Talking and not talking

In the middle of a six-hour workshop yesterday, I stopped to explore a thought about an issue that had been coming up throughout the day. “I offer,” I said, “that it is the people who can communicate, who can write and talk, who find it the hardest to do.”

I think I’m right. I was running the workshop for the Federation of Entertainment Unions which means for members of the NUJ, Equity, the Musician’s Union and the Writers’ Guild. Something like 20 or 25 professional freelancers in London. I adore – no, I love – running FEU workshops because of these people. The only stock a freelancer has, really, is time and these people choose to spend a working day with me.

Now, whenever someone elects to spend time with me, I’m honoured. I just had a thing where someone came within a pixel of flying over from the States to see me. As much as I would’ve liked to meet her, I was immensely relieved when plans changed because I get anxious enough when someone crosses a room in my direction.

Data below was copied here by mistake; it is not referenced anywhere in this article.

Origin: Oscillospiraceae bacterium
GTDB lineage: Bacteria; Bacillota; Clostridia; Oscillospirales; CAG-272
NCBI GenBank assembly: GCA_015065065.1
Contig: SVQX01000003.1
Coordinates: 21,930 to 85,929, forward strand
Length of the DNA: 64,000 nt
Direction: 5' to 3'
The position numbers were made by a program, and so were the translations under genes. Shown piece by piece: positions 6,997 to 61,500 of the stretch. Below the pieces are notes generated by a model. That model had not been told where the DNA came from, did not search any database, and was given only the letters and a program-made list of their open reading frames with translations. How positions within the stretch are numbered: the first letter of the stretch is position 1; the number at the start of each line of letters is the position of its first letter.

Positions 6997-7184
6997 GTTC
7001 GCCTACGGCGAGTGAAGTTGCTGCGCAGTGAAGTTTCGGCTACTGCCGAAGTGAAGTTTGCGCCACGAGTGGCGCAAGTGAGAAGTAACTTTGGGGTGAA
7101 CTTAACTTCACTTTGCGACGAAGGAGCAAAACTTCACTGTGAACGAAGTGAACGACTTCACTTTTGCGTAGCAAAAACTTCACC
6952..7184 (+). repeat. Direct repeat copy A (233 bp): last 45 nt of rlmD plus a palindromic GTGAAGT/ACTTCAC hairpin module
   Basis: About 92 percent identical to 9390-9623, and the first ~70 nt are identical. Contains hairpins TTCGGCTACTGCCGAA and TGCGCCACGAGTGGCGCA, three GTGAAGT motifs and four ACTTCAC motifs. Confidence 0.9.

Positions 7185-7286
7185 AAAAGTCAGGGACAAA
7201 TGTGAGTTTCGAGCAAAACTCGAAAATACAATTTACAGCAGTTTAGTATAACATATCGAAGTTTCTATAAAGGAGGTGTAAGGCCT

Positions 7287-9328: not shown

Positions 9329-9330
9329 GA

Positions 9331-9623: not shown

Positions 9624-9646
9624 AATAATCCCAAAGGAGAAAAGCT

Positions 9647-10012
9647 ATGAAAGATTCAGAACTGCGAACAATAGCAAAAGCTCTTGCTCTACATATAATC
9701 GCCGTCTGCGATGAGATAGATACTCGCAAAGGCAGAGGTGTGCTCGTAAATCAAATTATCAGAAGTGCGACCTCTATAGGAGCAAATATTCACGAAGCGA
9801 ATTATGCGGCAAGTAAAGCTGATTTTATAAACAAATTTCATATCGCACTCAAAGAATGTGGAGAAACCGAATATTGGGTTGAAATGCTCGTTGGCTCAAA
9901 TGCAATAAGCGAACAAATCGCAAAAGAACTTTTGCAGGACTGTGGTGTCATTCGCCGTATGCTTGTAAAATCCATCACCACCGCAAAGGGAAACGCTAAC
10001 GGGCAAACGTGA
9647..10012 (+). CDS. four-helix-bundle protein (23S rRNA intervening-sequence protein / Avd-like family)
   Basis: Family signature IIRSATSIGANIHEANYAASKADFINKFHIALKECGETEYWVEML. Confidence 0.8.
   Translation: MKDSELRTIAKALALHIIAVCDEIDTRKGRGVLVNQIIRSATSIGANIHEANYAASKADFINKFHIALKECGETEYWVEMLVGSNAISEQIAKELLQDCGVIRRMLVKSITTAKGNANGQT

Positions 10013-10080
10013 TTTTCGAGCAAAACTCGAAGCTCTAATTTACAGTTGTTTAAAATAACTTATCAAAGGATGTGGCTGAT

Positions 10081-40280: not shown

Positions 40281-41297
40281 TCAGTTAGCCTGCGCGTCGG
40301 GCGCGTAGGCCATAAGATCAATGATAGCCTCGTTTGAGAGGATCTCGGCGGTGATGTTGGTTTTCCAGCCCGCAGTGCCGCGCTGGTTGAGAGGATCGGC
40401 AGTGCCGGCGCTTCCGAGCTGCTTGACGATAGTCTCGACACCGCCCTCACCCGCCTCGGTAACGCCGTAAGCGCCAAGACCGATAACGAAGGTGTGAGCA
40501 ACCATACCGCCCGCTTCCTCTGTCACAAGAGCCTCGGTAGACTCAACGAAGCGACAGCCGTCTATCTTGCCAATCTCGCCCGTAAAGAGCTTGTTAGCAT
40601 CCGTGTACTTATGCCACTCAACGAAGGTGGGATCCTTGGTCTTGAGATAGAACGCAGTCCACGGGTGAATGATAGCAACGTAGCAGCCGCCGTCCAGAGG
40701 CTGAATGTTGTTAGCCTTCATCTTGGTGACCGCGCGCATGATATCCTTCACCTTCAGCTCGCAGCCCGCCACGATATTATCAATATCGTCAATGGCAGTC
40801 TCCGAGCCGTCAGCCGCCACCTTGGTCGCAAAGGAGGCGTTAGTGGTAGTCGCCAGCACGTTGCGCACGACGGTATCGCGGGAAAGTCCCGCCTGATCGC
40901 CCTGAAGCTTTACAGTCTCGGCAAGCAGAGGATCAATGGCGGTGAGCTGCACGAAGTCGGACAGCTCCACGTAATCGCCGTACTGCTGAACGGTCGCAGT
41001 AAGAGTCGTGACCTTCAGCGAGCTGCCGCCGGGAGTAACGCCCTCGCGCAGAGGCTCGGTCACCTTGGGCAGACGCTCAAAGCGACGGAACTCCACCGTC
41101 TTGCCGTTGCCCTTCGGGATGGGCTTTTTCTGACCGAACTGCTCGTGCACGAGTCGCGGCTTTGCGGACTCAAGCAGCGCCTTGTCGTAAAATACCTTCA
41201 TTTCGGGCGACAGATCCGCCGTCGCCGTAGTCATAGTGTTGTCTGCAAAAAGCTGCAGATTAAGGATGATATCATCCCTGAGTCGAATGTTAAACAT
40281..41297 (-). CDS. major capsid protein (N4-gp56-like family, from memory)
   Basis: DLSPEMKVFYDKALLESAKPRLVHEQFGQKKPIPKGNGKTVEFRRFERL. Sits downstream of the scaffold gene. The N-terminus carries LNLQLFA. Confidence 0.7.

But with the FEU workshops and these freelancers, it’s a business decision. They want something the FEU says I can give them – yesterday it was about blogging – and they’re here to get it. No playing around, no messing, no idle thought about maybe one day doing a blog. I think of it as playing with live ammunition: they need something, I have to show them whether blogging does or doesn’t do it, then I have to get them what they need to start.

If I talked bollocks for the first hour, I expect all 25 to walk out. If I speak brilliantly but they realise blogging or whatever isn’t what they need, I expect all 25 to leave early and get back to their work.

And actually, maybe no more so than yesterday because this was a really impressive group. Grief. One guy has his acting career but actually he’s really focused on social issues like care homes. One journalist is a Libya correspondent. And one is the woman who made that documentary about suffragette Emily Davison which showed she didn’t choose to be trampled to death, it wasn’t a suicide plan. I got to shake hands with someone who owns the sash Davison wore in that gigantically important moment.

So this was a room full of talented people. Talented creative types, people who apply their talent and their skills all the time. People who actually I picture as being on their feet and in action even though we spent most of the day sitting down.